“Over the years, I began to think that I really like paintings that are visually quiet and calming, and give people an opportunity to escape a hectic day. So, most of my paintings are late afternoon light. The shadows are a little bit longer – end-of-the-day light – where you can kind of sit down and get lost in the image. I like formalism. A lot of my paintings are very formally constructed. You’ll see paintings where they are equally divided left-hand side to right-hand side balance, bottom to top.”
In the process of getting ready for the current exhibit, Kingsley counted his paintings – 420 of them, and they all have stories. “I have a painting, “The Three Graces,” that was a true pain to paint,” he says. “I think it took me nearly two years in total – not painting all the time. It was such a bear to try to figure out. It finally worked out, and I rather like it now. For the longest time, I’d have sold that one to you for a nickel.”
Kingsley says the painting is reminiscent of Masaccio because the woman’s hat in Kingsley’s painting is similar to one worn by a woman in Masaccio’s work. He painted the Brancacci Chapel murals, and the woman is depicted there. “It’s not exactly her in my painting, but it’s referential,” he explains.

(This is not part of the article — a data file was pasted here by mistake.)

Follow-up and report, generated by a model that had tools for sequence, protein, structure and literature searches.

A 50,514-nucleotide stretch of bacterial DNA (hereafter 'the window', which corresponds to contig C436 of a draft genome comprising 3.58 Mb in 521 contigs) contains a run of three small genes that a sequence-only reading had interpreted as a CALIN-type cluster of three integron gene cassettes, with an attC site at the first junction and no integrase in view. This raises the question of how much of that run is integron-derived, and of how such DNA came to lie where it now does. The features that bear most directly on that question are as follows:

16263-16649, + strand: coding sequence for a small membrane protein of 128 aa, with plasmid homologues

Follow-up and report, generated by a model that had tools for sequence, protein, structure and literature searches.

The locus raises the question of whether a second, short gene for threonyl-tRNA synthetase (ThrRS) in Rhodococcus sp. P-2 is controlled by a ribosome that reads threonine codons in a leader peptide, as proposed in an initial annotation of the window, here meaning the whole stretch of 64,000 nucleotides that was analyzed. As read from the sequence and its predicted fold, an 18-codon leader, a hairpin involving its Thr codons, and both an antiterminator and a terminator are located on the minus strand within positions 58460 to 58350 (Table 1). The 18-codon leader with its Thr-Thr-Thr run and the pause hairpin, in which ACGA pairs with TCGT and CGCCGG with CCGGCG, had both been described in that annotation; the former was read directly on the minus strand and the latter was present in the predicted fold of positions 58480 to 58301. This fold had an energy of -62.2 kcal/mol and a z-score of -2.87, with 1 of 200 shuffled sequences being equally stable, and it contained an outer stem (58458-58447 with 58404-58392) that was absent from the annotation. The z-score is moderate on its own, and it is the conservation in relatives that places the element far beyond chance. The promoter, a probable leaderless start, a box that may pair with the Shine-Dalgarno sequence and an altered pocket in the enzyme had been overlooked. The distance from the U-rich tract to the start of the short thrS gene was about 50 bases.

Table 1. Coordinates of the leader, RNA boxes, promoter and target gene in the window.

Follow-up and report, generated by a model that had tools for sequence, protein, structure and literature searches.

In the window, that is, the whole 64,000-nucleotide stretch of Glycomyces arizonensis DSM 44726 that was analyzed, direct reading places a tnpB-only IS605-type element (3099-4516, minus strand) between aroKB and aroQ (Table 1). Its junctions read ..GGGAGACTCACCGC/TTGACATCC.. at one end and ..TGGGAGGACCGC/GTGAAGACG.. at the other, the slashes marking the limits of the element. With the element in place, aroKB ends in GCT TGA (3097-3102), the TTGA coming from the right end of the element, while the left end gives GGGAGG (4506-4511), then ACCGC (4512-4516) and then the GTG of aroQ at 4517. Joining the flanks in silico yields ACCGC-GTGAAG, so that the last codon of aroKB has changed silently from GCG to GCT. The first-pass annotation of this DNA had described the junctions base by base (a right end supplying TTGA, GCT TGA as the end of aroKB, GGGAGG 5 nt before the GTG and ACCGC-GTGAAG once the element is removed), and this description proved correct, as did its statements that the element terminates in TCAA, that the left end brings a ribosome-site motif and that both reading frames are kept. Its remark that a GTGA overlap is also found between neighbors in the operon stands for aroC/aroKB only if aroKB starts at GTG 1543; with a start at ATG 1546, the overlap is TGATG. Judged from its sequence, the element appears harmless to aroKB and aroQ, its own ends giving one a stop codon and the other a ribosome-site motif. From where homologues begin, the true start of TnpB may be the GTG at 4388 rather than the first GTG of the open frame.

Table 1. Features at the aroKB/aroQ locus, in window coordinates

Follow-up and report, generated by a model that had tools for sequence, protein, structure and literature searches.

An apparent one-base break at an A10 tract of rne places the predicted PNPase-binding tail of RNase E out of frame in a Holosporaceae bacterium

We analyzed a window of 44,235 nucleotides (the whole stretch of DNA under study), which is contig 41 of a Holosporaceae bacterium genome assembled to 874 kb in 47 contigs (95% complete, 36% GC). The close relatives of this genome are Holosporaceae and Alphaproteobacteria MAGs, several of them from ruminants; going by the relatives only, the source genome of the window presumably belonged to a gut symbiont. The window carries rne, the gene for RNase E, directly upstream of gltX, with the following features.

“Those kinds of things – those visual clues – make certain paintings very important to me. When I see that painting, I remember the first time I visited the Brancacci Chapel, and saw those murals. I don’t always tell people what makes those paintings special to me. It’s not important, but they’re there.”
Since Kingsley began his tenure at DePauw, the art and art history department faculty has grown considerably and moved into a new building. “For years there were four of us – Ray French, David Herrold, Bill Meehan and myself. We were in the Emison building, which was the library. There was a room upstairs that was both the drawing and painting studio. “I loved that space,” Kingsley says. “You could open those huge windows and look out over East College. It is a beautiful building.”
However, he says Peeler Art Center was a godsend. “It’s wonderful. We were all involved in the planning of it, which was pretty unusual. Not only does the space accommodate the needs of faculty and students, the exchange in the painting and drawing studios is constant, so we’re constantly getting fresh air. It’s second to none. I can’t believe how unhealthy we were years ago. I think back to when I was a student. The idea was to look like an art student. So, you’d clean your brushes on your pants – absorbing the pigment into your pants and into you skin. It’s a wonder I’m still here!”
Robert Kingsley: A Retrospective 1976 – 2012 is on display through Dec. 14 in the Peeler Art Center, Visual Arts Gallery.